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  • Rob


Living in Kelowna is like living in Bike Heaven. I grew up in Edmonton and started riding my bike seriously around the age of 15. There were no bike lanes, no extra wide sidewalks. My Mom often said that she was worried that I was going to hit by a car. I was lucky enough that I never did. Jump ahead to Kelowna, with bike lanes on most roads and all new roads being built as well as East Kelowna riding loops with minimal cars. It is pretty awesome.

My first major trip to Banff back in 1988, for a week, riding every day for 2-3 hours to some cool back country places. There were very few rules back then about where to ride in Banff. It was a great time in my life and I still have many fond memories of that trip.

I wanted to do a blog post on bikes, to share one of my passions with you. However, I have not ridden as much as I did in the past few years, so i decided to head over to Fresh Air Concept and talk with Marty. He started riding around the same time I did, 20+ years ago. Marty was very approachable, knowledgeable and we were suffering from the same affliction… a cold.

Marty set out on educating me and you on the different types of bikes and what they are made out of. Here is what I got out of our session:

Road bikes

These are great all around bikes. Most people have this type of bike as their primary bicycle. They are light and strong. This style of bike is more laid back and less aerodynamically positioned than triathlon bikes (see below). They will climb hills well, corner hard and make your ride more enjoyable. This style of bike has skinny tires, a drop (curled) handlebar and some new road bikes have disc brakes (Marty states that road bikes with disc brakes seem to work best with bigger riders, as they offer more stopping power). The other advantage of disc brakes is that they stop your bike the same in all conditions, think of stopping a bike in heavy wet mud, or rain.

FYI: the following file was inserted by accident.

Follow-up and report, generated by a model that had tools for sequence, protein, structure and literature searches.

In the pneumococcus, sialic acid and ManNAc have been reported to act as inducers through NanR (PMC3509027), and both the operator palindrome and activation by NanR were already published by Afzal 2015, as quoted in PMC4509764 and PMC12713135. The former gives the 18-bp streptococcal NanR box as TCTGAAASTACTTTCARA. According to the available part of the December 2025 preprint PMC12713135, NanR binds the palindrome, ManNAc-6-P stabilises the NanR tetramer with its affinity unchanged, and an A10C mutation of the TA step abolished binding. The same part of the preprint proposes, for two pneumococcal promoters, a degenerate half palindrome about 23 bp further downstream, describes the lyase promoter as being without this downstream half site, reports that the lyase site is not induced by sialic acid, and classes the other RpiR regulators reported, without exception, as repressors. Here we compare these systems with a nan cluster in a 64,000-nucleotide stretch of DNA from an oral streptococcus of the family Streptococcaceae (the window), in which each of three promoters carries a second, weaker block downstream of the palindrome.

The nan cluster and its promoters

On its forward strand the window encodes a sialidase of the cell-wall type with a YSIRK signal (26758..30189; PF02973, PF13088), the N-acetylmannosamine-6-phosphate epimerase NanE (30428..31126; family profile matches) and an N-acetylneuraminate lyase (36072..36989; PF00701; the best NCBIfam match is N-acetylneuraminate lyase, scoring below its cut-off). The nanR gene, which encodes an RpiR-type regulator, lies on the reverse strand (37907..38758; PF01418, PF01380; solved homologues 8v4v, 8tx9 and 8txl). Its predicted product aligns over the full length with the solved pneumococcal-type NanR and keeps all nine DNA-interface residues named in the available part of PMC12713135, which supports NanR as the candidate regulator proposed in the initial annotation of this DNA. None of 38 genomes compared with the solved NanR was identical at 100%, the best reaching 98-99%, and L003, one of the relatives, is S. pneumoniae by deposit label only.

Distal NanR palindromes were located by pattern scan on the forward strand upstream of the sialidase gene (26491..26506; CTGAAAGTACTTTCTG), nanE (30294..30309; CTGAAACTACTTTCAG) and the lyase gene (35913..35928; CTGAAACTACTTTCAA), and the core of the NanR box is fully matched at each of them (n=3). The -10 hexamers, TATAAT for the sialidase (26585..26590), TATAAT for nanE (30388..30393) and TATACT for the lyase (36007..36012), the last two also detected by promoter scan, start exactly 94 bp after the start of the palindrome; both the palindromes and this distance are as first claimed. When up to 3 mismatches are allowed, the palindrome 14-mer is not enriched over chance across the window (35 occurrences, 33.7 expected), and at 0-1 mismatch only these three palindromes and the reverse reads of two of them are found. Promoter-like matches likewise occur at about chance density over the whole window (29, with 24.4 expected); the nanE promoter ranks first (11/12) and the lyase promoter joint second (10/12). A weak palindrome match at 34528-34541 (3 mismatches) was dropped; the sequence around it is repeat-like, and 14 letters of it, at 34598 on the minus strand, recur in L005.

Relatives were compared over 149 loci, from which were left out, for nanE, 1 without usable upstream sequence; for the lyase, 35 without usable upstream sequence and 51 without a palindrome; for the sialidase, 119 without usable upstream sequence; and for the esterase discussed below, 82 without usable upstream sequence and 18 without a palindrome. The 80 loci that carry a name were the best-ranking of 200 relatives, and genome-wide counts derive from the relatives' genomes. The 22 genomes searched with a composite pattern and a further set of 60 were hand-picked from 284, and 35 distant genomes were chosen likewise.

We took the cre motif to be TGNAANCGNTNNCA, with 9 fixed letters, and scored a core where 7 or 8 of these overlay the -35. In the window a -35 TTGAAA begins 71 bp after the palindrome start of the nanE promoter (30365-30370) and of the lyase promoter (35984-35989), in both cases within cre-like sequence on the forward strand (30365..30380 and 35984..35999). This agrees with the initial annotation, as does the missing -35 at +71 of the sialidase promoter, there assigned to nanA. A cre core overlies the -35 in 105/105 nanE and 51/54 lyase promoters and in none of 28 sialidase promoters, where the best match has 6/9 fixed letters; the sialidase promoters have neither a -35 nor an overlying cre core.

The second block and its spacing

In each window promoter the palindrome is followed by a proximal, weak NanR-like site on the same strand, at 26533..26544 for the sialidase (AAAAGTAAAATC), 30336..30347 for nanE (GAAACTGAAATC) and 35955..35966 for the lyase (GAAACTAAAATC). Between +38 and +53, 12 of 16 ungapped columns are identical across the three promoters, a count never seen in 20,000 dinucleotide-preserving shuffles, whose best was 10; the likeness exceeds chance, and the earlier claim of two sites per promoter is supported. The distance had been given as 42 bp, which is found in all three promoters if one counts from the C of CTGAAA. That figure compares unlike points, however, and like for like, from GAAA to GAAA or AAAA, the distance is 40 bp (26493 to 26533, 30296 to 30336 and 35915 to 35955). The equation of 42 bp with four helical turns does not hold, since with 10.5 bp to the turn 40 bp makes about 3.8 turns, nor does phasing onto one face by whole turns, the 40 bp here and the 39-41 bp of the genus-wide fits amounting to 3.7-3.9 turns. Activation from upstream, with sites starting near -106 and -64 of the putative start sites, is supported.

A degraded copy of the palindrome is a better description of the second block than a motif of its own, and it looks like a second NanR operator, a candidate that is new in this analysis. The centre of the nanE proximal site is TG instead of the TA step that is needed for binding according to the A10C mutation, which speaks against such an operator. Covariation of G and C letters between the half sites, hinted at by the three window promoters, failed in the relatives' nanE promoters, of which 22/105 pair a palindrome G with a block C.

Triathlon bikes

This breed of bicycle is made for one thing… SPEED! Triathlon bikes are definitely a specialty bicycle, that is most people ride their road bike to train and on certain rides/races do they use the triathlon bike, tri bike. The advantage is that tri bikes are set up to be more aerodynamic, longer wheelbase (more stable/better ride the faster you ride it) and the rider is stretched out on the bike. For example, there are arm pads to rest your forearms on the handlebars. This lowers your position to decrease the amount of air resistance, i.e. go faster! Well you can go faster, there are some drawbacks of the tri bike. They do not ride up hills as easy as a road bike because the position of the rider on the bicycle is more forward. Turning corners is more difficult on a tri bike, especially if you are stretched out maximally on your aero bars. I have personally witnessed a number of crashes with people on their tri bikes going around corners. In addition, being bent over so much can put a strain on the rider's back and neck. In fact, I read a review, a number of years ago, about chronic neck pain and it stated that the bicycle riding/racing was the only sport involved with chronic neck pain.

Flat bar road bike/ hybrid

This is a newish breed of bicycle. They have been improving over the past number of years. Think of a road bike but with flat handlebars, not the traditional curved handlebars. This puts the rider in a more upright, comfortable position. There is much less neck and back strain. This type of bike someone would use for cruising around with the kids, commuting to work or simply going for a bike ride. The tires are slightly thicker than a road bike. This adds a little bit more cushioning over the bumps in the road. People can add racks and bags to this bikes quite easily to carry items, i.e. clothes, if they are commuting to work. This means no wearing backpacks and getting tired carrying items to work.